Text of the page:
SepiSolar says California’s NEM policy revision paves the way for larger solar systems, quicker interconnection
A new SepiSolar white paper reveals the financial benefits of a pending revision to California’s net energy metering (NEM) policy. When finalized, commercial DC-coupled solar-plus-storage installations will not only be able to benefit from NEM, but will also be able to increase solar system size, reduce installation and permitting costs, and quicken interconnection approval time.
“This policy does more than just reduce equipment costs,” said Josh Weiner, CEO of SepiSolar and author of the white paper. “Businesses can now store their excess solar power in a battery system and receive demand charge benefits as well as the financial benefits from NEM.”
On Oct. 5, 2018, the California Public Utilities Commission (CPUC) issued a proposed decision to modify CPUC Decision 14-05-033, the NEM tariff policy for solar and energy storage. Once approved, the change will allow DC-coupled energy storage systems to become eligible for NEM without the need for thousands of dollars in extra hardware costs and burdensome verification required by California utilities and the IRS for AC-coupled energy storage systems.
To take advantage of this policy change, contractors will need to design solar systems with DC-coupled storage and procure DC-coupled energy storage products that incorporate a new UL-verified inverter firmware solution. NEXTracker’s NX Flow energy storage system piloted this firmware solution with UL, and is therefore expected to be the first DC-coupled energy storage product approved for the new regulation.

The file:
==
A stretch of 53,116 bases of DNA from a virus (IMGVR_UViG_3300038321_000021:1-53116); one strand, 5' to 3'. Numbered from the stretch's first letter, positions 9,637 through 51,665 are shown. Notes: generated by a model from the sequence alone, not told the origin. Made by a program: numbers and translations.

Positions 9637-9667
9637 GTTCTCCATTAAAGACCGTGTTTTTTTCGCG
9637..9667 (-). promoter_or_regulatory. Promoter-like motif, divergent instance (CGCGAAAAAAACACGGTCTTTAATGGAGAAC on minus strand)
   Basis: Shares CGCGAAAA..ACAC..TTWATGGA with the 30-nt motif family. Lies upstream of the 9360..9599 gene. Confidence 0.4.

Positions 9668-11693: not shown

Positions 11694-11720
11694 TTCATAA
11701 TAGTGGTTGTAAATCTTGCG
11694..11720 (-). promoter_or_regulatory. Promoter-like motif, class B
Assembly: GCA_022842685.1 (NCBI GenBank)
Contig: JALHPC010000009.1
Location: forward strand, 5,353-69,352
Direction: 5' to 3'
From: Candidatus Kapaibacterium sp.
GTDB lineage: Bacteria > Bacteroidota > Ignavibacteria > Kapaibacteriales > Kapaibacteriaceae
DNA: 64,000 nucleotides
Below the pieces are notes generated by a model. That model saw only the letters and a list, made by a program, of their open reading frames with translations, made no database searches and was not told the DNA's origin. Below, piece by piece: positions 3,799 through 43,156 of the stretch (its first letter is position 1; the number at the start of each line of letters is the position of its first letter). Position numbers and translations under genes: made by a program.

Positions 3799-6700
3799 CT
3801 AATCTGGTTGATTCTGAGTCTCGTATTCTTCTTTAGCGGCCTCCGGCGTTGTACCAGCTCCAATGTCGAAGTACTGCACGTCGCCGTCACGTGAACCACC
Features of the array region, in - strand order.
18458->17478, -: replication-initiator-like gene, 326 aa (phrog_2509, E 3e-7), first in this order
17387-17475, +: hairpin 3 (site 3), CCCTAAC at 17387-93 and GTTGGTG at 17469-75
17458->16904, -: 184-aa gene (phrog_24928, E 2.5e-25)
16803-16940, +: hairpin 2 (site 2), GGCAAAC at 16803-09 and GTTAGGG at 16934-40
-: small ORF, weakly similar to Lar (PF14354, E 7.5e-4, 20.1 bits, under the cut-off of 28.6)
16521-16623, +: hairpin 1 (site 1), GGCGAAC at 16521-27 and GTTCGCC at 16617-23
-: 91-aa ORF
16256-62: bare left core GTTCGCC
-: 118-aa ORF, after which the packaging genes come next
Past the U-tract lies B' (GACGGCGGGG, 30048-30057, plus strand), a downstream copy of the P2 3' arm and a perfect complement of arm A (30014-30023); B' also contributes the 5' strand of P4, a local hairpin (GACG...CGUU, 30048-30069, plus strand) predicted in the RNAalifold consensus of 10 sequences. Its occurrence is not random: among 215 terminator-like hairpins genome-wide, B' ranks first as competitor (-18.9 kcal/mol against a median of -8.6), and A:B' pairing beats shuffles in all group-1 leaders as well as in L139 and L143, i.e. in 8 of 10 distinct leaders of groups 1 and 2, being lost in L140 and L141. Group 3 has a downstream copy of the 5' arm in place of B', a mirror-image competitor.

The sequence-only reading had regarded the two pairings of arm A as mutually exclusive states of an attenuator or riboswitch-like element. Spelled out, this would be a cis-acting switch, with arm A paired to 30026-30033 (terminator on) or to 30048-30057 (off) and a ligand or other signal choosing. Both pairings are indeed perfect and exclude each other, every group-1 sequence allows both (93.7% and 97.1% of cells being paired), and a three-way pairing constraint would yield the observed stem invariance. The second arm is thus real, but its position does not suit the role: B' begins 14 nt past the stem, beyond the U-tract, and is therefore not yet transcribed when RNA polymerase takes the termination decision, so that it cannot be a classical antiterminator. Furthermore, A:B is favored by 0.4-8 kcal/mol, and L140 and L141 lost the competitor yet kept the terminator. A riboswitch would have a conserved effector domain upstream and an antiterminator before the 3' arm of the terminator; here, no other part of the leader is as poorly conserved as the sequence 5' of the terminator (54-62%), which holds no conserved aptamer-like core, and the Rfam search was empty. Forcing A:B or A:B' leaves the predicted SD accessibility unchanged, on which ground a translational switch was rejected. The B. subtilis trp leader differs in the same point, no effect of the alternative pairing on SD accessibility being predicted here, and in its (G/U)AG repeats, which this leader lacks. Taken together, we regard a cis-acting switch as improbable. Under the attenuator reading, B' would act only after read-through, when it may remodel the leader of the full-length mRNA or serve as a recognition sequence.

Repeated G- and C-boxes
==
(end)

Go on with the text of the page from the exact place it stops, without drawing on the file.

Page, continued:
SepiSolar’s white paper reviews and compares the historical challenges of designing AC-coupled and DC-coupled energy storage systems for NEM. It also describes how the new NEM DC-coupled policy and system design will eliminate the need to purchase the extra equipment required for non-export AC-coupled systems, such as reverse-power relays, an additional utility meter, switchgear and a second inverter.
“Another benefit is that solar systems can now be ‘supersized’ to exceed the 1 MW behind-the-meter interconnection soft limit,” Weiner says. “With a DC-coupled design using products that have the UL-verified firmware, excess generation over 1 MW can now be stored in the battery and later exported into the grid at favorable or optimized NEM or NEM-aggregate tariff.”
As a simple example, Weiner says a 1 MW stand-alone solar system can be increased to 5 MW with a complementary DC-coupled 4 MW storage system and a 1 MW AC inverter that uses the new firmware.
Goodbye, infrastructure costs
The same DC-coupled system design may also eliminate the need for utility infrastructure upgrade costs. These costs are most often charged to the solar asset owner when the solar system’s export generation is over 1 MW. Typically, the owner either pays for the upgrades or decreases the system size. With the new DC-coupled configuration, solar-plus-storage systems can be designed to meet the location’s grid capacity, reducing the need for upgrades. Any excess solar can be stored and later exported at up to 1 MW intervals. In models developed by SepiSolar, adding DC-coupled energy storage under the pending NEM policy is usually much less expensive than the cost of grid infrastructure costs without storage.
The simpler DC-coupled design also will allow solar+storage systems to qualify for expedited interconnection, reducing difficult verification requirements for utility interconnection, expediting interconnection.
Finally, with the UL-verified firmware, tax equity investors and utilities receive independent verification that the storage system is only exporting solar generation and not charging batteries from the grid. This verification is important for qualifying energy storage systems to receive the 30% investment tax credit.
The proposed CPUC ruling for NEM for DC-coupled solar-plus-storage systems is expected to gain final approval by the end of 2018 or early in 2019.
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